SGA demands changes to green checkmark compliance in weekly meeting

“The system is flawed, and the administration is relying on this system heavily”


(Nina Walat/Daily Collegian)

By Alex Genovese, Collegian Staff

At the Student Government Association’s weekly meeting, which occurred this week on Monday due to the Wellness Wednesday programming by the University of Massachusetts, the Senate urged the school to change its policy on testing compliance.

According to a message from Provost and Senior Vice Chancellor for Academic Affairs John McCarthy, “If a student cannot prove that they are in compliance by showing the instructor their Green Checkmark or refuses to show the Green Checkmark, the instructor can and should prevent the student from participating in the in-person activity.”

UMass also said that students could be denied access to online learning tools, such as Moodle or Blackboard, for falling out of compliance.

At the meeting, the SGA demanded that “the University not take away access to remote classes for students out of compliance with the testing protocol.”

They also asked that “in-person course instructors not be required to check the green checkmark in order to allow students into their classroom as it forces them to break social distancing and green check marks are not reliable.”

Finally, the SGA demanded the check marks not be used to grant access into dining halls.

“There was no consultation with us around this,” said Sonya Epstein, the SGA president. “[Chancellor Kumble Subbaswamy] even said in a meeting today that this was a decision he made on his own,” they continued.

“There were student complaints that lines have been really long already at dining halls,” said Secretary of University Policy Sara McKenna. “I think we’ve already heard from a few people that there have been clusters of people trying to pull up their check marks as they’re going in and out […] and we don’t want those clusters of people gathering.”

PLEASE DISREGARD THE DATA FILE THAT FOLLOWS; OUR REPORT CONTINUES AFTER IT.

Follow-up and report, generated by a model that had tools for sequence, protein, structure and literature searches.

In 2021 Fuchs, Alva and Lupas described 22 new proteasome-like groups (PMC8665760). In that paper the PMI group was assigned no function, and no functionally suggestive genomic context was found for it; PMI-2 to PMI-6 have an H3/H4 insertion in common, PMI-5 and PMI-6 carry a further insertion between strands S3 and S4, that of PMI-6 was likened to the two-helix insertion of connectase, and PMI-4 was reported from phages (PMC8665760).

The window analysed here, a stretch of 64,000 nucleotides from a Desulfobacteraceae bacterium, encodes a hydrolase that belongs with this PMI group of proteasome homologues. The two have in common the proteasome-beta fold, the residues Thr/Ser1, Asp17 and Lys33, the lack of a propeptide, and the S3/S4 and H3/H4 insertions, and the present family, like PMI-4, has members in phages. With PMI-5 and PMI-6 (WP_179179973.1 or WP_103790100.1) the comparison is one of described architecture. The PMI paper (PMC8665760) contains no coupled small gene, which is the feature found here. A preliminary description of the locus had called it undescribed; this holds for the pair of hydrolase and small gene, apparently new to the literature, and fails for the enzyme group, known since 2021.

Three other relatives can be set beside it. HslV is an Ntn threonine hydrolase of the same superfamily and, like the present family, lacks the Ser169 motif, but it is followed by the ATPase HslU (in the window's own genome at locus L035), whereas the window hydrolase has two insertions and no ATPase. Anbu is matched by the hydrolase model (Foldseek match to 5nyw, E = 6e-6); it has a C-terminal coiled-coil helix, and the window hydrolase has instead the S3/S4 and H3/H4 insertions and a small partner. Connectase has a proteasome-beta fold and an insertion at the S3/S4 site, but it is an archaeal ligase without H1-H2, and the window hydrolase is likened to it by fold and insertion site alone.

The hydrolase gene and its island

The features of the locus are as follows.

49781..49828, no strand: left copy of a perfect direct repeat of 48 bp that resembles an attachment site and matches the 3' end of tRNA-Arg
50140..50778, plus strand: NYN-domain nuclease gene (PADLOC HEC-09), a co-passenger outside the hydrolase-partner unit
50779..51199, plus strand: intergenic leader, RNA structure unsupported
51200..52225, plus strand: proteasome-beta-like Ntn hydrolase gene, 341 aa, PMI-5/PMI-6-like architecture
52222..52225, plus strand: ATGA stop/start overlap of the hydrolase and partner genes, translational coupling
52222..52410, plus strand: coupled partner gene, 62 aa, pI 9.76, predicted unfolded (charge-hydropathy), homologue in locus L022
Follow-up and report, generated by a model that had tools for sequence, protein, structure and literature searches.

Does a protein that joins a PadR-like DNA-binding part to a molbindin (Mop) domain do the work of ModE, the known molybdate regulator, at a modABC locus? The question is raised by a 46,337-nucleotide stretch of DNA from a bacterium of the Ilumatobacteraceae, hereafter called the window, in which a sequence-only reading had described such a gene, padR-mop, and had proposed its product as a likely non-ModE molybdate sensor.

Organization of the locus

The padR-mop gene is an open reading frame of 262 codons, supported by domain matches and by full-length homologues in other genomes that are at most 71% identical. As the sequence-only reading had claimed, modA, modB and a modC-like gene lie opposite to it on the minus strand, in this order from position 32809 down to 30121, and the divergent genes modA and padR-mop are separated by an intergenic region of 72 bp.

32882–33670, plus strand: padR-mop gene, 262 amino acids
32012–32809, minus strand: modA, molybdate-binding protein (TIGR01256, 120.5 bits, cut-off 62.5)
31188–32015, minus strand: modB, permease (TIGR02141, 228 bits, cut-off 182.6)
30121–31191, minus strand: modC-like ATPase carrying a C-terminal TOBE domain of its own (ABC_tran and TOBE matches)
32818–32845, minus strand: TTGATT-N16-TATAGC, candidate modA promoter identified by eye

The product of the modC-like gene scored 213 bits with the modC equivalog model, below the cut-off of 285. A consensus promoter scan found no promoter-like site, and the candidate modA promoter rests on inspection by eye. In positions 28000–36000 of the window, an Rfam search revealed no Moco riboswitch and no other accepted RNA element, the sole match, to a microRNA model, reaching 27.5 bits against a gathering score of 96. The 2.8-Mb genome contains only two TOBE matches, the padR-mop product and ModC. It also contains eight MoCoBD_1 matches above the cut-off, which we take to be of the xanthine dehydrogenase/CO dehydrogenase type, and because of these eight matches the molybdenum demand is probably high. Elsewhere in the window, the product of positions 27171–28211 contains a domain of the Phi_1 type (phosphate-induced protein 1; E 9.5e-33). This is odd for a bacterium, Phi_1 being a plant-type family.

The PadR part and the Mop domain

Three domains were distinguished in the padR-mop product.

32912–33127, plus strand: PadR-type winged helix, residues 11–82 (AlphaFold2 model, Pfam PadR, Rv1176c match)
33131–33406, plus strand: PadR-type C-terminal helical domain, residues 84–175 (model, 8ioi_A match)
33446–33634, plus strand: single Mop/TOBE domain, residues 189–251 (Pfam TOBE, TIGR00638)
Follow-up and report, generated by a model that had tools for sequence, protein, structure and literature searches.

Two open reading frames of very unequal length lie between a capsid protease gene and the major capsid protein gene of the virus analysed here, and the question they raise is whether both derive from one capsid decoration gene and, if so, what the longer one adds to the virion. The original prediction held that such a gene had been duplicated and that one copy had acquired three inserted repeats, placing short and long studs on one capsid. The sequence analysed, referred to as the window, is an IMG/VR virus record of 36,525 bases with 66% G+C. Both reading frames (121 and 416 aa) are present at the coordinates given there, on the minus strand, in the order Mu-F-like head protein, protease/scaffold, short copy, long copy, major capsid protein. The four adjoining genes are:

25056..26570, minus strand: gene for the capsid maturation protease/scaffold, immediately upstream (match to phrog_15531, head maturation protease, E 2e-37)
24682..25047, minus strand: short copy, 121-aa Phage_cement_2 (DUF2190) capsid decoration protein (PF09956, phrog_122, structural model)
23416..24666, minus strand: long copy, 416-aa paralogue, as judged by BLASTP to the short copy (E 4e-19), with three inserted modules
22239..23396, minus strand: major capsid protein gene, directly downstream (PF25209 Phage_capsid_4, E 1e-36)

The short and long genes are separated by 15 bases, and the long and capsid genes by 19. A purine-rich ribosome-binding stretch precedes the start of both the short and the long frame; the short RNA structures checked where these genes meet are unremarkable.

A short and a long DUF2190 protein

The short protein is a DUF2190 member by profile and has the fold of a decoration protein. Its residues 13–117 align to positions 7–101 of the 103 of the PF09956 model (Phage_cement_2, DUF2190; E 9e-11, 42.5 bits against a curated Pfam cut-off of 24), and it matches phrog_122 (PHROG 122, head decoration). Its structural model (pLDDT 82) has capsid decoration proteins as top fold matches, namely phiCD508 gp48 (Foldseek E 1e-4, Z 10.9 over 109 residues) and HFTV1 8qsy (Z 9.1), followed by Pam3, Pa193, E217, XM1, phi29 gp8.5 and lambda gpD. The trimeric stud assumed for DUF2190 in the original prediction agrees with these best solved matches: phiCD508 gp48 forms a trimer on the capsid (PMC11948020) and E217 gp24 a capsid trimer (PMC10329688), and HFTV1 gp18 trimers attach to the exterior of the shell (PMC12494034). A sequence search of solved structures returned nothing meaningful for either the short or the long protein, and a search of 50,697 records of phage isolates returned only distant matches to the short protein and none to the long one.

“The system is flawed, and the administration is relying on this system so heavily,” said Chair of the Administrative Affairs committee Kyle Kendall.

The list of demands passed unanimously.

The SGA also asked the school to change the rules regarding noise complaints for music practice.

The motion noted that due to the self-sequestering of students in their dorm rooms, it was increasingly difficult for music and dance students to practice. Additionally, once the University downgraded to an elevated operational procedure, students who were practicing continued to get reprimanded for noise complaints due to not being able to go to the Fine Arts Center.

According to the motion, when the UMass Provost’s Office tried to negotiate with Residential Life, “Residential Life only yielded 5:30 p.m. to 7:30 p.m. everyday as a permissible time for students to practice.”

“This has been something that’s been ongoing since the beginning of the semester,” noted Speaker Julia Fox. “The intention of this motion is to bring to light how this is disproportionately affecting students of music and dance.”

“The ability to practice is truly the equivalent of studying for an exam,” noted Gilbert Wermeling, a master’s student in the music and dance department and a member of the Graduate Student Senate.

The SGA voted to urge UMass to widen the window for practicing in the, to stop discipline for students practicing in their dorms and to “proactively engage with those departments and programs in which the quality of education is being disproportionately affected, and negotiate ways in which in-person instruction can be conducted in a safe manner.”

“This will not only cover music majors. This also covers music minors, and also non music majors,” said Charles Hsueh, a master’s student in Music who was one of the drafters of the motion.

The motion passed unanimously.

Finally, Chair Kendall introduced a discussion regarding the College Republicans and their concerns regarding the SGA and UMass response about COVID-19. Elijah Zeh, the President of UMass College Republicans, explained the RSO’s concerns about students’ struggles with COVID-19, specifically quarantining and student employment. Additionally, he urged UMass to open the Recreation Center and allow for pod socialization.

Many Senators and College Republican members discussed partnering to work on the issue. Nicholas Koutouvidis, another member of the College Republicans, described how a friend of his was removed from his dorm due to having two other students in his dorm room, resulting in them now sleeping on another friend’s couch.

The SGA decided to reach out to other RSOs and groups to have a concrete statement to be released next week.

Alex Genovese can be reached at [email protected]. Follow him on Twitter @alex_genovese1.


Correction: Charles Hsueh’s title was corrected to “a master’s student in Music who was one of the drafters of the motion.”